The Library Board is also more transparent and has posted financial information and reports on their website. See HERE.

A Hard Look and a Revised Budget

More importantly, the Board has taken a hard look at their revenue and expenses. With the help of a volunteer Budget Committee headed by Hauptman, the Library has identified areas to trim back. They have reduced staff through attrition, eliminated overtime, and are reviewing all contracted services. When the non-existent reserves were removed from this fiscal year’s budget, there was a deficit of $866,000. The TAN and actions by the Library have brought the deficit down to $141,000 with plans to bring it to zero.

Since the issue became public, about $59,000 has come in from donations plus a pledge for an additional $50,000. Both Freeman and Hauptman thanked the community for their support. Freeman acknowledged the “era of outrage” and heard the anger of the community but said there has also been an “outpouring of support.”

Current Situation and Future Projection

When the BOT approved the issuance of the TAN, they had added a stipulation that they had to “be comfortable” with the Library’s actions before the disbursements were released. After reviewing the Library’s changes and information, the BOT authorized the second distribution of the TAN to be made around October 1st. The vote was 5-0. Afterward, Trustee Young clarified his earlier remark by saying that information was all he needed.

Since TANs are short-term notes, the Library had originally anticipated borrowing every year for a few years until they no longer needed to borrow funds to balance the budget. However, Hauptman is now projecting that 2024 will be the final year the Library will need to borrow operating funds.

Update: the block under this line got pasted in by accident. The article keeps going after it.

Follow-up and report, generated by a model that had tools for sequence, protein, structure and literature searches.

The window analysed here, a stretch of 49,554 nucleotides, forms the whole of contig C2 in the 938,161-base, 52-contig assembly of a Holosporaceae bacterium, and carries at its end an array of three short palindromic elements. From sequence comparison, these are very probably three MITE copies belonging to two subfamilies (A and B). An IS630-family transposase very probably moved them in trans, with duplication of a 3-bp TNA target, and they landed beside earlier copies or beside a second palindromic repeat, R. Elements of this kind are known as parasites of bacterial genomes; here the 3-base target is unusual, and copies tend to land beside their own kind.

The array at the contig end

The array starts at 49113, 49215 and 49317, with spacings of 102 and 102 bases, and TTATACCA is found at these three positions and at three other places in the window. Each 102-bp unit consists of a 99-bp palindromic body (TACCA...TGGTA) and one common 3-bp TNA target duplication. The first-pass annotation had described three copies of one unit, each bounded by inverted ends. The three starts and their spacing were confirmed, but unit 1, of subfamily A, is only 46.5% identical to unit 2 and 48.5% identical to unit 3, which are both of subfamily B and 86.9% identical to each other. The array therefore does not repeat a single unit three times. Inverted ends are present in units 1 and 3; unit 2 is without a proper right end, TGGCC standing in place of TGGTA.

Village Offers an Alternative

Calling Village Clerk-Treasurer, Augie Fusco, a “genius,” Village Manager Jerry Barberio described Fusco’s plan in which the Village would repay the entire Library TAN in June 2024 and the Library would repay the Village over three years at 2.5% interest. This would save the expense of issuing another TAN, give the Village another source of revenue (interest), and give the Library the opportunity to start to rebuild its services and begin to spend money on books (for example) sooner. The total loan would be $1,246,000 which is comprised of the TAN disbursements, interest on same, and $30,000 in interest to the Village. Annual payments from the Library to the Village would be $415,333. This would negate the need for an additional TAN.

This idea was put before the Library Board at their meeting on September 27th and supported with a 9-0 vote. Hauptman is now putting the Library’s proposed budget together for the December 6 election and will incorporate this new plan.

Next Year (2024-25)

To meet the 30 day deadline for the election, the Library Board must vote on the final proposed budget at their October 11th meeting. This budget includes a 6% expense reduction and a 6% tax increase. For the Library Board to vote on a final proposed budget, the BOT will have to approve this loan to the Library at their next meeting on October 10th.